UPDATED 23:19 EST / AUGUST 01 2016


Didi Chuxing buys Uber China, compromises global anti-Uber alliance with Lyft, Grab and Ola

The battle for ridesharing dominance in China is over, with Didi Chuxing Technology Co. acquiring rival Uber, Inc.’s China operations and in the process, potentially putting an end to the global ridesharing alliance between Didi and Uber rivals Lyft, Inc., GrabTaxi Holdings Pte. Ltd., and India’s Ola (ANI Technologies Pvt. Ltd.).

Under the deal Uber will hold a 20 percent stake worth $7 billion in a new company that includes the assets of both Didi and Uber on a valuation of $35 billion; in return, Didi will also make a $1 billion investment in Uber Global, that is the rest of the Uber business.

According to reports Uber has lost $2 billion in its efforts to build a business in China, making the $7 billion stake in the new company a decent profit on paper. It’s also let a stake in a rapidly growing business in what is already the biggest market globally for ridesharing and taxi hailing services.

“Three years ago, I traveled to China with a small group of people to see if we might be able to launch Uber there,” Uber Chief Executive Office Travis Kalanick said in a blog post. “Most of the people we asked for advice thought we were naïve, crazy — or both.”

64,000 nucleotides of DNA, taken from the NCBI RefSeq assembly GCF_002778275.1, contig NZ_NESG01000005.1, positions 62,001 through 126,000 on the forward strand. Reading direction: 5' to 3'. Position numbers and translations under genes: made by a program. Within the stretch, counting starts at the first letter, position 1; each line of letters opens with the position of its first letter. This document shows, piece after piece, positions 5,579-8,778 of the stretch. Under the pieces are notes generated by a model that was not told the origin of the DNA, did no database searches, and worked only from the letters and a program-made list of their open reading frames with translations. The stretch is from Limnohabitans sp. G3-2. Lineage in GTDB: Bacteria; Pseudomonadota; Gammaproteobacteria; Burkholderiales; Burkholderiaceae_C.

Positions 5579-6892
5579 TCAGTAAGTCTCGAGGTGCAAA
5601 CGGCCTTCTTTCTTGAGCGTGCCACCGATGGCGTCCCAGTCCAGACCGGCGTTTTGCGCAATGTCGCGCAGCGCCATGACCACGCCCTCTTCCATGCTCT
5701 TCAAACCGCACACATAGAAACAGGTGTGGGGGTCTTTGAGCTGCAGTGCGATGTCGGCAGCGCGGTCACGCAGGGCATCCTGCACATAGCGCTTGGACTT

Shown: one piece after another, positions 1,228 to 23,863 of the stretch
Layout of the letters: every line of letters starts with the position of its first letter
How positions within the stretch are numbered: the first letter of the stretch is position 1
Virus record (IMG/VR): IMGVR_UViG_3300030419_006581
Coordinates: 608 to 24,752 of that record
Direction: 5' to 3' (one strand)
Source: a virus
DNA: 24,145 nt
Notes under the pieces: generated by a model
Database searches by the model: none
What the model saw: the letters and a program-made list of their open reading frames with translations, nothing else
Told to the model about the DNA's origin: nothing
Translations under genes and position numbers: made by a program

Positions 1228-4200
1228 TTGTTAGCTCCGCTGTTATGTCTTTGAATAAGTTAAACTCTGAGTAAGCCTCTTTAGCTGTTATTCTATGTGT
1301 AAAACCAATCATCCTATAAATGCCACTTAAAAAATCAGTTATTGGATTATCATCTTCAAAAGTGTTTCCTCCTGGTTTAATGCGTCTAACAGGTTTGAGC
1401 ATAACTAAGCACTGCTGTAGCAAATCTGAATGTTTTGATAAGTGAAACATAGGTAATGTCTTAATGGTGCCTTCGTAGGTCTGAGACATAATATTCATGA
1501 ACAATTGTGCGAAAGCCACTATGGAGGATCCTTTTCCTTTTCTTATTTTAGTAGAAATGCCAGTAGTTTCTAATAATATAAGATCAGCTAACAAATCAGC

“However, as an entrepreneur, I’ve learned that being successful is about listening to your head as well as following your heart,” he added. “Uber and Didi Chuxing are investing billions of dollars in China and both companies have yet to turn a profit there.”

The news of the deal comes less than a week after the Chinese Government announced it would make ridesharing services legal in the interest of further developing the sharing economy and “partly in respect of the public’s opinion.”

Alliance game over?

Although nothing has been officially announced yet, the tie-up between Uber and Didi could see the end of the global alliance between Didi, Lyft, Grab and Ola announced in December that allowed customers from each company to user services from the other when they are traveling as an alternative to Uber.

As Re/Code points out, Didi now has more invested in Uber’s success that it has the alliance, with Didi having invested about $100 million in Lyft, $350 million in Grab and $30 million in Ola. Now Didi has invested $1 billion into Uber Global, while Uber ends up with a 20 percent stake in Didi’s operations.

Without the requirement to throw more money at its China operations, Uber will also now have cash to spare in expanding its operations across Asia, particularly in India which, next to China, offers a wealth of potential just by the sheer size of the market.

In Southeast Asia Grab has an entirely different business model based primarily around taxi hailing, be it in some markets they are offering limited ridesharing services and products similar to Uber Black. And while Uber has a presence in major cities (particularly capitals), it has yet to expand into smaller cities in the region, something it now has capital to do.

The only company to go on record so far about the breakup of the alliance is Lyft, saying only that they would be reviewing the alliance going forward.

Image credit: iphonedigital/Flickr/CC by 2.0

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